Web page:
Fintechs feel disadvantaged when it comes to credit distribution


Berlin The run on the new quick loans from the state development bank KfW has started. But fintechs hardly play a role in the distribution of funds, and that annoys the young technology-driven financial companies: “It stunned me that the house bank principle should also apply to quick loans for small and medium-sized companies,” criticized Marko Wenthin, head of the online bank for business customers, Penta .

Although KfW is completely at risk with these loans, an entire market sector, the fintechs, is excluded from this lending process.

On Wednesday, the federal government opened another protective shield for corona-damaged companies. Companies with ten or more employees can apply for a KfW quick loan, which is 100 percent secured by the federal government. However, to the annoyance of the fintechs, these loans are only allowed to pass through the house banks such as savings banks, Volksbanks or private banks.

For the Penta boss, the fintechs, who are subject to bank regulation or use processes approved by the financial regulator Bafin, are predestined to participate in this public funding program. “We carry out the highest banking standards to identify our customers, the so-called KYC process (Know Your Customer), and can scale quickly thanks to our digital expertise,” said Wenthin.

The co-boss of the financial services provider for the self-employed, Kontist, agrees with the criticism. “After all, it is unreasonable to expect Penta, Kontist or other digital financial service providers to turn to a savings bank or cooperative bank especially for public aid,” says Sibylle Strack.

The Federal Ministry of Economics, however, assumes that only the use of established procedures ensures that the loans arrive at the company as quickly as possible. For this reason, lending within the framework of the KfW special program is based on the established house bank principle with the banks accredited by KfW, explained a spokeswoman. Even with a 100 percent liability waiver, certain customary bank procedures would have to be followed.

In contrast, the Federal Ministry of Finance (BMF) is open to criticism. “We are constantly reviewing proposals to further improve government aid programs. This also includes the proposal to involve fintechs in KfW lending, ”emphasized a spokeswoman. The chairman of the Fintech Council, who is located at the BMF, does not see the door slammed yet. “The processes are constantly being optimized at high pressure. I also see the greatest potential for working with fintechs there, ”said Chris Bartz.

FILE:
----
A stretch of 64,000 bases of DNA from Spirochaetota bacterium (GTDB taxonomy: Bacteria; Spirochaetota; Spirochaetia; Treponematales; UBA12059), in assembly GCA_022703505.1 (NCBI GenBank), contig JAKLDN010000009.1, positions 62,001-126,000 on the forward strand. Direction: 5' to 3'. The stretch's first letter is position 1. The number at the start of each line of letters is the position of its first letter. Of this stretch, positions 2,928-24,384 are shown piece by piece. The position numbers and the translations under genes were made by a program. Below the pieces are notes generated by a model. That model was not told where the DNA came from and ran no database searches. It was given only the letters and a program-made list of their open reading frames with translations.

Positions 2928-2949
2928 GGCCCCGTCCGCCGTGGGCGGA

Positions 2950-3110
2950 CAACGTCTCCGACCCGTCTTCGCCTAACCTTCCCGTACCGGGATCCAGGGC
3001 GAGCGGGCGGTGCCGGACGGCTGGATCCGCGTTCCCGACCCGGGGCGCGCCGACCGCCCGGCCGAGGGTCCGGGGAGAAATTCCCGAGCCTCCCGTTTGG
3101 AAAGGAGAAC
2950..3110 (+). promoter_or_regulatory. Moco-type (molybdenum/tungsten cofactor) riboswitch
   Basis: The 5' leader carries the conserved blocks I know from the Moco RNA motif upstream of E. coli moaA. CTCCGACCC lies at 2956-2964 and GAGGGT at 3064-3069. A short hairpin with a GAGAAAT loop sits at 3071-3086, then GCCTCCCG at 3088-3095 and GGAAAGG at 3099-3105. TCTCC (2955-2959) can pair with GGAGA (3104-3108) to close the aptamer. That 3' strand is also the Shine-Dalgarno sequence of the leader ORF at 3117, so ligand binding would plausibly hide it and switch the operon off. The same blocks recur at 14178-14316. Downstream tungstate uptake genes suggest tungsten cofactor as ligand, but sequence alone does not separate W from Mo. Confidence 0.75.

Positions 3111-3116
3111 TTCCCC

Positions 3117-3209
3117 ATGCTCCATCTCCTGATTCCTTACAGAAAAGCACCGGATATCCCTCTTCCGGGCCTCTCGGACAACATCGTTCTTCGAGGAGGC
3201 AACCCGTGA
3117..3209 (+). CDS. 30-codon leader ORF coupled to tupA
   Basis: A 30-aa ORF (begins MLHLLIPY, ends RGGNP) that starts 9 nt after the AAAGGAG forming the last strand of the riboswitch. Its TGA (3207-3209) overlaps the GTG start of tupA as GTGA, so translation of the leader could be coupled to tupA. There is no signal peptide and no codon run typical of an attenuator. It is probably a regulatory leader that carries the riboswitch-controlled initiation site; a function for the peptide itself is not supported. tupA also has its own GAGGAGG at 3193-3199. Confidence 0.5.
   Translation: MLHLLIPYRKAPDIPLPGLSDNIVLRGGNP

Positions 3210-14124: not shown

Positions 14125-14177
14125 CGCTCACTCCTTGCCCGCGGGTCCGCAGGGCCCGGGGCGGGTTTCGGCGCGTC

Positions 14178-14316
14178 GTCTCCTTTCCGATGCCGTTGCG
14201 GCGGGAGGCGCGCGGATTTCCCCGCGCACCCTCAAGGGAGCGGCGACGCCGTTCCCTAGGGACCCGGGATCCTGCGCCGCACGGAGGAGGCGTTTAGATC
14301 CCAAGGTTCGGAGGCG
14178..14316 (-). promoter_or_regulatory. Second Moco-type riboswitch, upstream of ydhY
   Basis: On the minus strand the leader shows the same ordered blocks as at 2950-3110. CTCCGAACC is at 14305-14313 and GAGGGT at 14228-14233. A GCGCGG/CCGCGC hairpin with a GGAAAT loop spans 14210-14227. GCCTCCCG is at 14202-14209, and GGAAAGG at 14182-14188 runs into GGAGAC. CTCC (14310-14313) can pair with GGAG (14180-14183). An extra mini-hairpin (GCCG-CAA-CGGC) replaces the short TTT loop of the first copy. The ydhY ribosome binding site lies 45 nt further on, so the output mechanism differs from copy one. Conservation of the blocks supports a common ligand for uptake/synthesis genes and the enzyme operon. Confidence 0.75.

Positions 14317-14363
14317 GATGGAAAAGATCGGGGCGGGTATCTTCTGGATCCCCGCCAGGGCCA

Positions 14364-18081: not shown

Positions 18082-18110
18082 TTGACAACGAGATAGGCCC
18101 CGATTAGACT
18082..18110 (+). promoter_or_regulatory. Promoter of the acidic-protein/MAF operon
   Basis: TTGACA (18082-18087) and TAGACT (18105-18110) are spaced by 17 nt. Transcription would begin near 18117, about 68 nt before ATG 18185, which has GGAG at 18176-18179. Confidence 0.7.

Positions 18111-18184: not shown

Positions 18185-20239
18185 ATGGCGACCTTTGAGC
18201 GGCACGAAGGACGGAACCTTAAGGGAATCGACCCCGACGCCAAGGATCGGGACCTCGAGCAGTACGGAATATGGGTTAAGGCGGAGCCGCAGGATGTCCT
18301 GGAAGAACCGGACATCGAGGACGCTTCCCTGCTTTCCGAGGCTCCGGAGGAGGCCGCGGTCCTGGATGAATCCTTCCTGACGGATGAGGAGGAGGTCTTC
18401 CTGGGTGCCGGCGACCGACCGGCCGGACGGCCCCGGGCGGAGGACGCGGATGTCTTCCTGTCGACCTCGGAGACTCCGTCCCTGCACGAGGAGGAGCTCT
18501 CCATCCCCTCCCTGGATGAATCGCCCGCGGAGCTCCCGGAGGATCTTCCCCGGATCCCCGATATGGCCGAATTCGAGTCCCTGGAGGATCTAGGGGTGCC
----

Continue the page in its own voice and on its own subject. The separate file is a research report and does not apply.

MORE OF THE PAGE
Ineffective aids

Fintechs are not only criticizing the practice of granting KfW quick loans. For Kontist’s co-boss, the Corona emergency aids for self-employed persons and small businesses “go beyond the realities of life”. Her main criticism: Unlike the KfW quick loans for companies with ten or more employees, this aid should not be used as an entrepreneur’s wage. “Legislators must ensure the same conditions as quickly as possible, otherwise our clients will quickly face Hartz IV for basic security”, demands Strack. Hundreds of thousands of self-employed people could be affected.

The Federal Ministry of Economics does not explain why the emergency aid may not be used as entrepreneurial wages. But the ministry justifies the exceptions in the quick loan as follows: If the KfW quick loan is drawn on, a distribution of profits and dividends is excluded. “Due to the loan terms of up to ten years, customary market remuneration to business owners is excluded,” said the spokeswoman.

Not only fintechs like Penta and Kontist see opportunities in the corona crisis to offer help for their customers. FinAPI sees its strengths in fraud prevention. According to Florian Haagen, head of Fintech, which offers interfaces to bank accounts, among other things, applicants should be checked when granting emergency aid. “There are cases where fraudsters apply for emergency aid with little publicly available or undercover information,” he says. “In order to prevent fraud, we recommend checking whether the applicant is actually a so-called beneficial owner and the specified account is in their name or the company.”

This control is often difficult or impossible to do manually. Together with its parent company, the Schufa economic information file, FinAPI therefore offers banks the appropriate technology with which they can automatically check the applications and validate the account details provided. One is already “in very concrete talks” with various institutes.

More: Fintechs – That could be the crisis winners and losers.


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